They say a picture is worth a thousand words, and I can think of no better example in IT where a screenshot can help troubleshoot an issue with VPN client connectivity. For something so crucial to remote users, it is sad that vendors still make troubleshooting VPN issues something that requires an admin to work with, and familiarity with arcane error messages. It’s a chicken vs. egg scenario, since for an admin to troubleshoot client VPN they need access to the client, which they cannot get until VPN is working! Relying on users to do the heavy lifting guarantees exasperation for both user and admin, but it’s the situation we’re all in. To help troubleshoot VPN client connectivity, here are some pointers that may save you some time.
If a remote user doesn’t have Internet connectivity they are not going to be able to use the VPN. That sounds like an obvious thing, but far too often it is missed. Hotels’ captive portals are often the issue here. Ask the user to open a web browser and go to a website that you know they won’t have cached, like http://www.whattimeisit.com and have them tell you what time it is. If they are prompted to accept the T&Cs or enter their room number, then you know they haven’t Internet access yet.
Depending on the type of VPN you use, there may be a problem getting through the firewall on the required outbound ports and/or protocols. SSL VPNs just need outbound TCP 443. If your user can surf HTTPS websites then they can get out on the required ports for VPN. But PPTP VPNs need both TCP 1723 and IP GRE. Many IPSEC VPNs need UDP 1701 along with IP AH and ESP. Other VPN solutions may need UDP 10000, or other outbound connectivity that the hotel or coffee shop just won’t support. Even with Internet access, not all VPNs will work on all networks. Some guest networks permit web surfing and email protocols, but block everything else, or charge extra for full connectivity. They may be using a simple NAT solution that your VPN cannot work with.
Look for error messages that indicate connectivity issues (see below) and if that’s the problem, work on an alternate network connection.
Not all companies provide users with VPN access. Don’t assume that your user is allowed to use VPN unless that is open to all users, and even then you may want to make sure they belong to the right group for access. A quick check of AD can save you a lot of troubleshooting later.
A very wise SysAdmin once said “If DNS ain’t happy, nothing’s going to be happy” and that’s a fact. Make sure that DNS is working, that the client is able to resolve names, and is using the “right” name for your VPN endpoint. Permit ping to that VPN endpoint so that you can easily talk the user through “ping vpn.example.com” both to validate name resolution and some basic connectivity. Just remember some captive portals will still permit ping and DNS while blocking the rest until you accept or pay up.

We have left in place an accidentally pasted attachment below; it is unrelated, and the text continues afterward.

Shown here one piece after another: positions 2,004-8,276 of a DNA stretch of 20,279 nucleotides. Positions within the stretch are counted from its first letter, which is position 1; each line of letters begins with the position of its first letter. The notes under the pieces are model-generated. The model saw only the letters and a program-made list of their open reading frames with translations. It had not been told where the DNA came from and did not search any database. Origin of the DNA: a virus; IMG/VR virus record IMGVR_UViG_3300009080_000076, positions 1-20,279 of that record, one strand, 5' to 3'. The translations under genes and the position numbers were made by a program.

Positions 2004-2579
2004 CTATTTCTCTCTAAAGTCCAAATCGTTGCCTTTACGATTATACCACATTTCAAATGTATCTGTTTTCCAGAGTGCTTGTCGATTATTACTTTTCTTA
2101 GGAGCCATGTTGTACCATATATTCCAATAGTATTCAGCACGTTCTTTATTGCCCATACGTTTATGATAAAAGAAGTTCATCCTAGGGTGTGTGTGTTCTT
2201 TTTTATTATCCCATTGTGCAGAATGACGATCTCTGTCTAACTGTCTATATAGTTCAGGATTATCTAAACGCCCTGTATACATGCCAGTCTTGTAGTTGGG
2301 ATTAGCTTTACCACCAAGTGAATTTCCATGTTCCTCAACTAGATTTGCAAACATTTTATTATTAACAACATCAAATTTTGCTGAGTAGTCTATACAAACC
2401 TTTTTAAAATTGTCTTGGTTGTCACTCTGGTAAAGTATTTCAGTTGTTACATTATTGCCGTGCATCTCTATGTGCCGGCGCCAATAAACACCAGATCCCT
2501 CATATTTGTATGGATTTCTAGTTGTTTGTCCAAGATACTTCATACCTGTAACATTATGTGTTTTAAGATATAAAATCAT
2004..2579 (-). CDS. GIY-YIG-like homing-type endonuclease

VPN client software needs installing, updating and patching just like any other software. If you’re using Microsoft’s built-in client software, Windows Updates will take care of that, and all clients should have VPN capabilities by default. If you are using a third-party solution though, you may need to install the client, or update it if it is already installed.
Don’t automatically jump into capturing diagnostic logs and other advanced troubleshooting without first verifying the basics. That includes the user’s credentials. Are they omitting the domain name in their SAM, or using SAM instead of UPN? Do they have their password correct, or is Caps Lock on? It takes 10 seconds to verify that… do so before you spend an hour on a wild goose chase.
Make sure every remote user tests the VPN at least once a month to be sure it is working. For any user hitting the road for the first time, have them confirm VPN before they leave the office, because you don’t want them to find out something is wrong after they depart.
Here is a handy table of client VPN error codes for Microsoft’s operating systems. Many of these will be displayed with third party VPN solutions.
[table id=6 /]
Troubleshooting VPN client connectivity doesn’t have to be a crap shoot. Follow a methodical approach, confirm the basics are in place, and you will usually find, and resolve, the issue in short order.